Sunday, May 27, 2018
News Roundup

Former St. Petersburg homicide detective gets prison for extorting gifts from his informer

TAMPA — The homicide detective extorted cash and gifts from his informer. But in the end, prosecutors say, the informer proved his undoing.

Former St. Petersburg police Detective Anthony Foster was sentenced to two years of prison followed by a year's probation on Tuesday for making demands of an informer who also happened to be related to his wife.

In exchange for the gifts, Foster helped the woman get lighter sentences in several theft cases she faced, court records say. She eventually reported him to the FBI.

Foster, 40, who pleaded guilty in October to depriving citizens of honest services by wire fraud, apologized for his actions in a voice that was barely audible. Six other charges were dismissed as a condition of the plea agreement.

"I'm very, very sorry," Foster told U.S. District Judge Steven Merryday.

Merryday called Foster's actions an inexplicable blotch on an otherwise outstanding 13-year law enforcement career. The judge said he had carefully examined Foster's history as a detective, calling him a "mighty good cop and a good man."

But the judge said his behavior in this case could not be excused.

"Mr. Foster, I don't need to tell you every one of us in the broad business of law enforcement … find this sort of episode very painful," Merryday said. "I don't understand why this had to happen. … It's a serious breach of an officer's responsibility."

Merryday gave Foster 60 days to report to prison, unless prison authorities ask him to report sooner. Sentencing guidelines called for a sentence of between two years and 30 months.

After the sentencing, Foster declined to comment, except to say, "God is good."

Foster's attorney, Frank Louderback, asked the court to impose a sentence that did not involve prison and included a term of home detention. He said Foster, as a former detective, might be a target in prison.

"Even though his physical stature is large, there are dangers involved in incarceration. There are people out there who are not happy with Mr. Foster, … and they have long arms in terms of retribution," Louderback said.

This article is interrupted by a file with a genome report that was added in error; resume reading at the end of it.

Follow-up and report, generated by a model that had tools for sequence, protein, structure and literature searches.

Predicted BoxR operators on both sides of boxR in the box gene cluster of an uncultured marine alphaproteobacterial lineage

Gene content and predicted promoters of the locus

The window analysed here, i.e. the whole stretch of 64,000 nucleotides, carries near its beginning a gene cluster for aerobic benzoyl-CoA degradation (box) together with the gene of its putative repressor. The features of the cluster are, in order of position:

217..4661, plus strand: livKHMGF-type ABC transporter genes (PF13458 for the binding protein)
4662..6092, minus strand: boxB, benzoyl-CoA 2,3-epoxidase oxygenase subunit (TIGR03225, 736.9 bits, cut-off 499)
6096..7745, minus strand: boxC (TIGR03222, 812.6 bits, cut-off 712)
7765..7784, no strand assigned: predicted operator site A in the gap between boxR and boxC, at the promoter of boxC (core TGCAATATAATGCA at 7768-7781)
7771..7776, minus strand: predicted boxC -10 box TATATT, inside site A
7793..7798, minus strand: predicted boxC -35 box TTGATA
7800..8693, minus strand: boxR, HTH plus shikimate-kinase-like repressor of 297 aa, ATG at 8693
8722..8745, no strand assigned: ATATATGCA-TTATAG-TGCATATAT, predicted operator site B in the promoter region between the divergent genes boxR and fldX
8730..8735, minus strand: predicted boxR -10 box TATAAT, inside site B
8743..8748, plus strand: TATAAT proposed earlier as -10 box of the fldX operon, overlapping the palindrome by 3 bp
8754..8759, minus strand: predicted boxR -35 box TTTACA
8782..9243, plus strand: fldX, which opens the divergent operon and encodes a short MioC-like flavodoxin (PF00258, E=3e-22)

The judge did agree to allow Foster to serve his sentence in a minimum security prison, perhaps at a facility in Pensacola.

Louderback also noted that the informer, before the FBI began its investigation of Foster, "did render substantial assistance" to police.

The attorney said Foster is a native of St. Petersburg who had developed a vast web of contacts that he used to help solve cases. He said Foster still gets calls with information that he forwards to police.

"He pounded the street," Louderback said. "He got people to talk."

One example of that came on Jan. 24, 2011, when Foster managed to get the cell phone number of a fugitive who shot and killed two St. Petersburg police officers. A hostage negotiator called and tried to talk the gunman down from an attic, but to no avail.

Prosecutor Jay Trezevant told the judge that Foster would have known that his informer would be forced to steal to provide cash and gifts, victimizing businesses in the process.

And he said Foster's conduct shook St. Petersburg police.

"You can tell that was really a blow to them as a policing department," Trezevant said.

Foster was arrested last June by FBI agents who had been secretly surveilling the detective and recording him as he demanded — and accepted — cash and gifts from the informer. The FBI said Foster extorted up to $8,000 in money and goods from the informer, including a flat-panel TV, Nike Air Jordan sneakers and even groceries paid for with the informer's food stamps.

While Foster's work as a detective was often lauded, his personal life was marked by problems with alcohol and women.

He was suspended four times. Three of those suspensions came after Foster had fights or arguments with women that required police intervention. He also had been hit with two paternity suits that resulted in orders to pay hundreds of dollars in child support.

Foster earned $65,894 a year as a cop before he resigned on Nov. 8. Had he not resigned, the department said it would have fired him for numerous violations of policy. Louderback said Foster has now lost everything — his badge, his civil rights, his freedom.

The attorney said, "He's back down to ground zero."

William R. Levesque can be reached at [email protected].

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